Choosing reserve networks with incomplete species information

Choosing reserve networks with incomplete species information Existing methods for selecting reserve networks require data on the presence or absence of species at various sites. This information, however, is virtually always incomplete. In this paper, we analyze methods for choosing priority conservation areas when there is incomplete information about species distributions. We formulate a probabilistic model and find the reserve network that represents the greatest expected number of species. We compare the reserve network chosen using this approach with reserve networks chosen when the data is treated as if presence/absence information is known and traditional approaches are used. We find that the selection of sites differs when using probabilistic data to maximize the expected number of species represented versus using the traditional approaches. The broad geographic pattern of which sites are chosen remains similar across these different methods but some significant differences in site selection emerge when probabilities of species occurrences are not near 0 or 1. http://www.deepdyve.com/assets/images/DeepDyve-Logo-lg.png Biological Conservation Elsevier

Choosing reserve networks with incomplete species information

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Abstract

Existing methods for selecting reserve networks require data on the presence or absence of species at various sites. This information, however, is virtually always incomplete. In this paper, we analyze methods for choosing priority conservation areas when there is incomplete information about species distributions. We formulate a probabilistic model and find the reserve network that represents the greatest expected number of species. We compare the reserve network chosen using this approach with reserve networks chosen when the data is treated as if presence/absence information is known and traditional approaches are used. We find that the selection of sites differs when using probabilistic data to maximize the expected number of species represented versus using the traditional approaches. The broad geographic pattern of which sites are chosen remains similar across these different methods but some significant differences in site selection emerge when probabilities of species occurrences are not near 0 or 1.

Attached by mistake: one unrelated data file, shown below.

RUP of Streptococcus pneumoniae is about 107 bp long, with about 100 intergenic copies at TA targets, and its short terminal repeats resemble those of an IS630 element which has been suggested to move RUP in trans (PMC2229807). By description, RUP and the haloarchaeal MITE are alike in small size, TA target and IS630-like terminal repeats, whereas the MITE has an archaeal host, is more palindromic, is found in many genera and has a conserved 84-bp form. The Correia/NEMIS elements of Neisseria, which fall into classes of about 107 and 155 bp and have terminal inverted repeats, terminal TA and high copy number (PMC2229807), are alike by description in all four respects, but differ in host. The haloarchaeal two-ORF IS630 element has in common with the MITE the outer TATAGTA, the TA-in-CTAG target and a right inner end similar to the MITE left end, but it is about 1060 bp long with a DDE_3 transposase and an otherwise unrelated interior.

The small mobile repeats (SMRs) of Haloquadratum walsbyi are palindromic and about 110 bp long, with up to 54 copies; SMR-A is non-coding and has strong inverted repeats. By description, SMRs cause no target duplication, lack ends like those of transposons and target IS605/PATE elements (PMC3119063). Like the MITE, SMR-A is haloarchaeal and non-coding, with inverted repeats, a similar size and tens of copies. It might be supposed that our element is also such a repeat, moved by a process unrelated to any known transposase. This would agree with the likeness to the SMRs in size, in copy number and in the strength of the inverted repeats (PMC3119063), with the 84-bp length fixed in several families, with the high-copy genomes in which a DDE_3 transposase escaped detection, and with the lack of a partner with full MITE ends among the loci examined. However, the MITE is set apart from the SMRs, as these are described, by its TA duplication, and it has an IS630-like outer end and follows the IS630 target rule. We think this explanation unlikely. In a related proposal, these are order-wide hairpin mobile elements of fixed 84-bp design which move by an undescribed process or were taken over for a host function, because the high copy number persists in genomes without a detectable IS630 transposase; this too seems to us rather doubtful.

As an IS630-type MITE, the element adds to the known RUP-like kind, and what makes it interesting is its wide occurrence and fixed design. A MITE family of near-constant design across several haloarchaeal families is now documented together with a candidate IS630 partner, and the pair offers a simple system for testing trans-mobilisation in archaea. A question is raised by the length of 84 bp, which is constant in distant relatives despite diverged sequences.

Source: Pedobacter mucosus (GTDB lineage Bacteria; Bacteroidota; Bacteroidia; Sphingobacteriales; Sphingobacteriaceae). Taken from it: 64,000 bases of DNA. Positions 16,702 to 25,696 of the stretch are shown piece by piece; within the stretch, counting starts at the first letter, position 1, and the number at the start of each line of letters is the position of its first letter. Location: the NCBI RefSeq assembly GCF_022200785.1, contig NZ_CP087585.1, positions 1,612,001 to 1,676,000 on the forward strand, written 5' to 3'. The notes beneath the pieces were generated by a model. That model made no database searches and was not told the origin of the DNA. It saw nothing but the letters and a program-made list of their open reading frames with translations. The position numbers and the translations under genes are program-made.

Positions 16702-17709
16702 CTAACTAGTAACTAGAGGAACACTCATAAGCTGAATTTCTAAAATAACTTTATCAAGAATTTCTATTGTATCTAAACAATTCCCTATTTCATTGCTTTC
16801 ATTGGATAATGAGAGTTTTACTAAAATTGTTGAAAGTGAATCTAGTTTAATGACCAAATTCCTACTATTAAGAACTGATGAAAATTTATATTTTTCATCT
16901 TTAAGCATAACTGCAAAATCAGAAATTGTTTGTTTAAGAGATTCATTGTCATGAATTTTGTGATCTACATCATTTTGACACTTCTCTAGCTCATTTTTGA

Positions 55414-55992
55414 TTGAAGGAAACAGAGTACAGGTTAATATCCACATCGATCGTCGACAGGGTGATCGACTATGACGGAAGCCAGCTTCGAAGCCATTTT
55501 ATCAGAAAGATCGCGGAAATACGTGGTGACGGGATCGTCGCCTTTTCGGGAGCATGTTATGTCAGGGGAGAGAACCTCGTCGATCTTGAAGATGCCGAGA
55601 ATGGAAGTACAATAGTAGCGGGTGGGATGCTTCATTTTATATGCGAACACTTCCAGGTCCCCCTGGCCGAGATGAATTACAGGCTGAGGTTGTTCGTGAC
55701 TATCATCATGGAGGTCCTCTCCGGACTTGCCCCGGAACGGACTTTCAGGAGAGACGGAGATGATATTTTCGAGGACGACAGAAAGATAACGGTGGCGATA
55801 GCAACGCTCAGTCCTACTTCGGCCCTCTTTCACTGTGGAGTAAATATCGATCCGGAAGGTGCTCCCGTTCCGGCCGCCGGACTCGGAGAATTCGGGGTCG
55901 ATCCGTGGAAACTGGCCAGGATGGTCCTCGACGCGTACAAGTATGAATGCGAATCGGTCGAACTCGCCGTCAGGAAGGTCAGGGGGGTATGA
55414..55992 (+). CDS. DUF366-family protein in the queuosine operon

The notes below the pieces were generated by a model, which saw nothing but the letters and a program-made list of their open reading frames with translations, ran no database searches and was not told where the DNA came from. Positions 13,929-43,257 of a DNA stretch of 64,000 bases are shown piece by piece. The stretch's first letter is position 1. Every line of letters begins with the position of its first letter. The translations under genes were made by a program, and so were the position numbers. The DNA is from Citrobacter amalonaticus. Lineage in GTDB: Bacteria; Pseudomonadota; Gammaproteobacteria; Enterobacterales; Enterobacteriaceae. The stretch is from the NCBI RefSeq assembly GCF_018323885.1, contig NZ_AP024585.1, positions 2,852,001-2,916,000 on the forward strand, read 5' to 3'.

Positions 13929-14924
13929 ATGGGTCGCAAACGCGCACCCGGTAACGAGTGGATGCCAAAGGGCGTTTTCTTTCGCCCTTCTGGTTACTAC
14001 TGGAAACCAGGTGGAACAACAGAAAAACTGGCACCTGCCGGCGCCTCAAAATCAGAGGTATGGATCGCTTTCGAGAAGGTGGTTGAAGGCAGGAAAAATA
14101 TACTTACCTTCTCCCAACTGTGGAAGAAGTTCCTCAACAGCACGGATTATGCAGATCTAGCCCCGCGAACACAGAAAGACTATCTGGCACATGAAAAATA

Journal

Biological ConservationElsevier

Published: Jun 1, 2000

References

  • A comparison of reserve selection algorithms using data on terrestrial vertebrates in Oregon
    Csuti, B.; Polasky, S.; Williams, P.H.; Pressey, R.L.; Camm, L.D.; Kershaw, M.
  • Effectiveness of alternative heuristic algorithms for identifying minimum requirements for conservation reserves
    Pressey, R.L.; Possingharn, H.P.; Day, J.R.

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